Australia's national research organization CSIRO has developed a world first notification system that alerts authorities when vessels undertaking illegal fishing arrive in port.
The web-based reporting tool identifies and ranks vessels across the globe based on a list of behaviors associated with illegal, unregulated and unreported (IUU) fishing.
CSIRO senior scientist and co-designer of the platform Dr Chris Wilcox said the tool used data collected by satellites to monitor and report suspiciously behaving vessels.
"Almost all vessels are equipped with anti-collision devices that can be detected by satellites," Wilcox said. "Using data from these systems, we can shine a spotlight on vessels acting suspiciously based on factors including the vessel's history, movement and whether its transmitter has been intentionally disabled.
"Countries will be able to sign-up to receive notifications, or directly access the portal to search for vessels and then be provided with a report which highlights the suspicious behaviors involved."
The announcement follows the execution of the first international treaty aimed at eradicating IUU fishing, coordinated by the United National Food and Agriculture Organisation and agreed to by 29 countries.
"As well as costing tens of billions of dollars each year, IUU fishing leads to over-fishing and depletion of stocks which has the greatest impact on developing countries whose people rely on fish as their primary source of protein and income," Wilcox said.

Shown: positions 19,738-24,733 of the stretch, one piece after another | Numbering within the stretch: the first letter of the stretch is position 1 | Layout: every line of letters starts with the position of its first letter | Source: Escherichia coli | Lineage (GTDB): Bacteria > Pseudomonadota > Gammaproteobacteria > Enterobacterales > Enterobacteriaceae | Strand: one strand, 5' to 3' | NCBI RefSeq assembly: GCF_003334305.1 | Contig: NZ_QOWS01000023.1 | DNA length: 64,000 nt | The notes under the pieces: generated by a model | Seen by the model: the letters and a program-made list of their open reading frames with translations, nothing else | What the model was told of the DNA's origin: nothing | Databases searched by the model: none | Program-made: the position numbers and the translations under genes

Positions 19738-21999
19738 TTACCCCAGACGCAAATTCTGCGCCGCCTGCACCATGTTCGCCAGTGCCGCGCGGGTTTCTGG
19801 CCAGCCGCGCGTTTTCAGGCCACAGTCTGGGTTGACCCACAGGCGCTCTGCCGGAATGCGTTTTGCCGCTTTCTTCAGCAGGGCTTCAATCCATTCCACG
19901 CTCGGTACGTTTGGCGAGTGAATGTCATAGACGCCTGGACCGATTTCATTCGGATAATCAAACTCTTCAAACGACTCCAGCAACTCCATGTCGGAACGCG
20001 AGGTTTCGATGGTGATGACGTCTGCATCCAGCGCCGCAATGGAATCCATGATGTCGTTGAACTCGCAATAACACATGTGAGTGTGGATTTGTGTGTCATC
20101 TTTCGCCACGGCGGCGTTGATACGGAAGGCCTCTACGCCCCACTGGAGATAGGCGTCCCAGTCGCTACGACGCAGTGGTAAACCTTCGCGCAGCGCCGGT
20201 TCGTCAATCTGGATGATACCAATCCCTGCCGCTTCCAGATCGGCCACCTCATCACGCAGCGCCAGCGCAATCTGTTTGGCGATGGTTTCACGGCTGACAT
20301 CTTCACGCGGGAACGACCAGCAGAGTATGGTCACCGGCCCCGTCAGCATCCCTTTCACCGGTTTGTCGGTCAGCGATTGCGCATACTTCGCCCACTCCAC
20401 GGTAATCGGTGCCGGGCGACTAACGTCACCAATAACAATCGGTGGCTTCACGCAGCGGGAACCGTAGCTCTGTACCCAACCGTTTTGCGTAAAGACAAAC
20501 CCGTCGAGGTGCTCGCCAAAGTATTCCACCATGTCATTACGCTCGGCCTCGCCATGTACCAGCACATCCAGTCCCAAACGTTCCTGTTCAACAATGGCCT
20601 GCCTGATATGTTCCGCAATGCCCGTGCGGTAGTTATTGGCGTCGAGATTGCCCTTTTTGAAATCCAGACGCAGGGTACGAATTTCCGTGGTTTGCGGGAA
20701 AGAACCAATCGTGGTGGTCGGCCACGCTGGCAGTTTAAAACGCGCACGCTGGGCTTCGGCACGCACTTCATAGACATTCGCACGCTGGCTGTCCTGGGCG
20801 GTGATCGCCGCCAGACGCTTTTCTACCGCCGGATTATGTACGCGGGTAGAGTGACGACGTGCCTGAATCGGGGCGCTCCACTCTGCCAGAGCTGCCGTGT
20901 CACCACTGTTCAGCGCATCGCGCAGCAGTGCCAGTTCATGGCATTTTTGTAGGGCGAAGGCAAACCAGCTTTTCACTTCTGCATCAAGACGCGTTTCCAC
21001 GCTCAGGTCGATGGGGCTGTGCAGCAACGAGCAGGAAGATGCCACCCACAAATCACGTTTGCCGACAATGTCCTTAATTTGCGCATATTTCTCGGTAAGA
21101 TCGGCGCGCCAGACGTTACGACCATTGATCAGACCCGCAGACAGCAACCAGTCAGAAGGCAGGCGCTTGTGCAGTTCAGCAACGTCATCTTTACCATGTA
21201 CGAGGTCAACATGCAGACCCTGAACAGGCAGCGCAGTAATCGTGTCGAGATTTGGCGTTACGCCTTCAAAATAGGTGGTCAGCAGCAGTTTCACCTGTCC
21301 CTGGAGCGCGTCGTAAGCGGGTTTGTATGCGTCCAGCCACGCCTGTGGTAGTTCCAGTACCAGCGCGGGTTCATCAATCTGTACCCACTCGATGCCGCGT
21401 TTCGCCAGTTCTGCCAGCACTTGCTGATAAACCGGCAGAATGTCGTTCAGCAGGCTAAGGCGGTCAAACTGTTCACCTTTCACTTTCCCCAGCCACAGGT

"As global population numbers continue to grow, combatting IUU fishing is becoming even more important to ensure future food security for the world."
The CSIRO team led by Wilcox has also been working closely with the Indonesian government to address the problem.
The project is part of a collaboration with Microsoft co-founder Paul G. Allen and his U.S.-based company, Vulcan Inc.
The platform will be officially launched in October and is already anticipated by a number of national and international surveillance agencies, including the U.N. Food and Agriculture Organization, United States National Oceanic and Atmospheric Administration and the Leonardo DiCaprio Foundation funded Global Fishing Watch.
Illegal fishing is the third most lucrative crime in the world, after weapons trafficking and drug smuggling. It's estimated there are 26 million tons of illegal fish caught each year, worth approximately $23 billion. A third of fish in U.S. and Australian markets appears to be illegal. 120 million people globally depend on fishing for their income.